Energy and Human Development

The Energy (ENE) Program made important strides in advancing the state of knowledge on energy poverty, the policy costs of expanding universal access to modern energy worldwide, and the synergies and tradeoffs between achieving universal access and other sustainable development goals.

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© Digitalpress | Dreamstime

Household Energy Access

During the first half of the year, ENE co-organized a workshop in Kenya with the Stockholm Environment Institute, which focused on whether low-carbon options change conditions for expanding energy access in Africa. A background note prepared for the workshop along with the workshop findings, published in the form of a discussion brief, were used as inputs to the New Climate Economy report chaired by former President of Mexico, Felipe Calderón.

For the first time, the state of energy poverty in three Central American countries – Nicaragua, Guatemala, and Honduras – was assessed, and policy costs to eradicate energy poverty were estimated using an application of the MESSAGE-Access model. This analysis, which was conducted for the World Bank, was synthesized in a policy report, which will be circulated among policymakers and stakeholders in the three countries.

Scholars published an article in Nature Climate Change on the impact of historical electrification in India on greenhouse gases [1]. Other research on the multiple dimensions of kerosene use for lighting in India, conducted collaboratively with a former Young Scientists Summer Program participant,has beeb submitted to the journal Environmental Research Letters.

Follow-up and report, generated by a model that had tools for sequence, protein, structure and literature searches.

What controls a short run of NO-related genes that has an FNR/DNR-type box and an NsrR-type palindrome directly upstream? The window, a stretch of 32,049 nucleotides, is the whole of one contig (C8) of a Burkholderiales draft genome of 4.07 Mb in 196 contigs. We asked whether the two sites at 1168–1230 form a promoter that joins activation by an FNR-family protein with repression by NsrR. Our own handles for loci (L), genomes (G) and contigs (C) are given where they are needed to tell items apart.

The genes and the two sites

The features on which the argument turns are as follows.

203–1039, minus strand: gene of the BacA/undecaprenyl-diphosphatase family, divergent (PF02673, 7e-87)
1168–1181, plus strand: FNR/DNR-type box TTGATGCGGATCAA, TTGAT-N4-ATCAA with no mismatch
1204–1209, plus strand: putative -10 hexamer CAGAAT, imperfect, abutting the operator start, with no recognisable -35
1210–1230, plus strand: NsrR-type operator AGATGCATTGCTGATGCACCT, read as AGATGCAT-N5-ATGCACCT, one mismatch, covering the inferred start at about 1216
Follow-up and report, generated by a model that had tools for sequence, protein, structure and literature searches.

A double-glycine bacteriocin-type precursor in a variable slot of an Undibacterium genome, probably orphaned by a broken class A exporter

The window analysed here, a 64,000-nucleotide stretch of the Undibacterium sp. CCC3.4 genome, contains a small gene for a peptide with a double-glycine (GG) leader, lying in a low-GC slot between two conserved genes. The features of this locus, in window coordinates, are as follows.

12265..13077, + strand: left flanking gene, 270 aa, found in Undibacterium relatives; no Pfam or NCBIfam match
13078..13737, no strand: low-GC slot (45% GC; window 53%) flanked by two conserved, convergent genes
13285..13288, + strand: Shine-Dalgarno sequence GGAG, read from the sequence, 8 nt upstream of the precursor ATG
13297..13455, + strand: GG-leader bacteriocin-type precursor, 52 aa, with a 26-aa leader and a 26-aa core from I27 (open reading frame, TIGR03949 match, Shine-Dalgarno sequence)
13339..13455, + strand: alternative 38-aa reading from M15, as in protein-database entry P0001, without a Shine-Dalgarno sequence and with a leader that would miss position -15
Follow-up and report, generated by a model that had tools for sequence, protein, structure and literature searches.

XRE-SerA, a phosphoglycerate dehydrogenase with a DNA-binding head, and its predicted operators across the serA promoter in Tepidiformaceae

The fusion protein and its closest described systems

Energy for Decent Living

The Energy Program also broadened understanding of energy poverty as a constraint on raising basic living standards. Scholars published a piece in Nature Climate Change on the potential impacts of poverty eradication on greenhouse gas emissions [2]. Based on the work of a YSSP scholar in summer 2014, a paper was also submitted (and accepted in 2015) to Global Environmental Change that quantified the development needs of Africa, South Asia and Central Planned Asia in energy terms, and discussed the implications for greenhouse gas emissions [3].

Researchers in the group were also part of a collaborative study to examine globally the drivers of and trends in energy (and other) infrastructure access. This study is being submitted to the academic journal World Development.

Narasimha Rao won the prestigious European Research Council (ERC) Starting Grant for 3 years to quantify the energy required by select developing countries to provide decent living standards to all. The results of this research can inform ongoing international policy efforts to define targets for energy among the Sustainable Development Goals (SDGs). This project will enable the group to expand its resources and expertise into new areas of overlap between energy and poverty [4].


[1] Jurisoo M, Pachauri S, Johnson O, Lambe F (2014). Can low-carbon options change conditions for expanding energy access in Africa? SEI Discussion Brief, Stockholm Environment Institute, Stockholm, Sweden.

[2] Rao ND, Riahi K, Grubler A (2014). Climate impacts of poverty eradication. Nature Climate Change, 4(9):749-751 (Published online 27 August 2014).

[3] Pachauri, S (2014). Household electricity access a trivial contributor to CO2 emissions growth in India. Nature Climate Change DOI:10.1038/nclimate2414.

[4] Lamb, W., & ND Rao (2015). Human development in a climate-constrained world: what the past tells us about the future, Global Environmental Change (in press).


Stockholm Environment Institute, Sweden

World Bank

European Research Council

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Last edited: 06 May 2015


Shonali Pachauri

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